Colt M1855 Root revolving rifle
Designed by Elisha K. Root and manufactured by Colt’s Patent Firearm Manufacturing Co. - serial number 1550.
Whitworth target rifle
Designed in 1858, manufactured in Birmingham, United Kingdom c.1863.
.451(bore)/.475(rifling), hexagonal lead bullet, caplock, single shot.
One of the most sough-after long-distance rifle in both side of the American Civil War, one such rifle was used by a Confederate sniper at the battle of Spotsylvania Courthouse to land a hit just below Union Major General John “Uncle John” Sedgwick’s left eye, who himself probably gave us the best last word ever uttered :
“What? Men dodging this way for single bullets? What will you do when they open fire along the whole line? Why are you dodging like this? They couldn’t hit an elephant at this distance.”
M.1865/97 Danish revolver
Originally a Lefaucheux-Chaineux -type M.1865 pinfire revolver, converted to centerfire by Kronborg Gewærfabrik in 1897. Serial Number 23.
Manufactured by W. Ortmann in Liège, Belgium c.1853~1877 - serial number 3.
11mm pinfire ten-round cylinder, 10cm long steel clip-point folding blade, side loading gate, Lefaucheux-type configuration.
Schubarth .58 pinfire cartridge
Designed by Casper D. Schubarth in 1861 in conjunction with a breechloading carbine design he attempted to sell to the US government, after some success manufacturing muskets for them.
Maximilian I of Mexico’s pinfire revolver
Manufactured in Liège, Belgium c.1861~67 for the emperor of Mexico during the French invasion - serial number 1476.
9mm pinfire 18-round cylinder, double action, two barrels to alternatively fire outer and inner cartridges, side loading gate.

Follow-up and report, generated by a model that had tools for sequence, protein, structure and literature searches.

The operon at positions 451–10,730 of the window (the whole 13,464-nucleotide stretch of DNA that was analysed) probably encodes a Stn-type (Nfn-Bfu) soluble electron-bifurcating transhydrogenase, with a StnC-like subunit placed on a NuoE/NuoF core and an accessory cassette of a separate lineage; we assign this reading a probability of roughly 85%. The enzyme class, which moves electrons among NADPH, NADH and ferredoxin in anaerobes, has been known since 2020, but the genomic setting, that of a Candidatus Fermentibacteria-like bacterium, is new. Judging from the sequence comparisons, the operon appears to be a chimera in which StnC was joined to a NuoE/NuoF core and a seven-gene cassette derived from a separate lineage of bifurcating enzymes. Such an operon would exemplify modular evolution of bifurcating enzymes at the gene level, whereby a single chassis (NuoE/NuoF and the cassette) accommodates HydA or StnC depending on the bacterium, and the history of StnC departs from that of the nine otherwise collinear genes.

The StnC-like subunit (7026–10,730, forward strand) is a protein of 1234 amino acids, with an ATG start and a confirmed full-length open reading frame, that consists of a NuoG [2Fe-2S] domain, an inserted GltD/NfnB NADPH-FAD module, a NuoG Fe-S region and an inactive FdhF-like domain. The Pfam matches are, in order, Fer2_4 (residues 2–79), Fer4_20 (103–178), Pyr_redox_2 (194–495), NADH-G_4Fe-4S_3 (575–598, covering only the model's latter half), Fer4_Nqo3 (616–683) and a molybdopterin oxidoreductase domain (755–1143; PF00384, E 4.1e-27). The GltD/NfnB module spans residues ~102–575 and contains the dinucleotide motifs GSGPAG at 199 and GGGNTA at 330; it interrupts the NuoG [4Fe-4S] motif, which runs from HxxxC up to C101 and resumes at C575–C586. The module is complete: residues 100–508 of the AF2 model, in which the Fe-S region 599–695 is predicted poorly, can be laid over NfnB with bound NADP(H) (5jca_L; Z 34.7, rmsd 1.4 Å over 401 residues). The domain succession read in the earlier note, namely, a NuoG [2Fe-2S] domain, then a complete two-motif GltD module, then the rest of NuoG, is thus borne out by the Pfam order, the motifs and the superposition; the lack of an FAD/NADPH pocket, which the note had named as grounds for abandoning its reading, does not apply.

Madrid’s 1907 Industrial Exhibition folding knife revolver
Manufactured in Madrid, Spain c.1907.
5,5mm pinfire Liège-proofed Lefaucheux-type revolver with an engraved 14cm long folding knife blade in the horn grip.
Mousqueton Treuille de Beaulieu Mle1854 1er Type - Treuille de Beaulieu M1854 1st Type carbine
Designed by Antoine Hector Thésée de Beaulieu, made by the Manufacture d’Arme de Chatellerault in France c.1854.
9,9x41 pinfire copper-based cardboard proprietary cartridge, single-shot open-bolt falling-block action, lance-bayonet with 86cm-long blade.
This carbine was designed to equip Napoleon III of France’s elite bodyguard regiment, the Cent-Gardes. It was among the very first metallic cartridge firearms employed by any military, which explains its odd operation - you must learn to walk before you can ride a horse and kill Prussians.
The Treuille de Beaulieu Mle1854 used a proprietary round made with a copper base, a cardboard body and a brass firing pin and extraction loop.
Treuille de Beaulieu cartridge 1st type
The gun’s breech was opened by pulling down on the firing assembly, which served as a breech block, a hammer and a cocking handle all at once. The gun could be put back on half cock once a cartridge was chambered, but this was an extremely unsafe safety as the face of the hammer remained extremely close to the round’s pin
The Treuille de Beaulieu action, fully cocked.
After discharging the gun using its long trigger, the soldier can open the breech and extract the cartridge using its brass loop.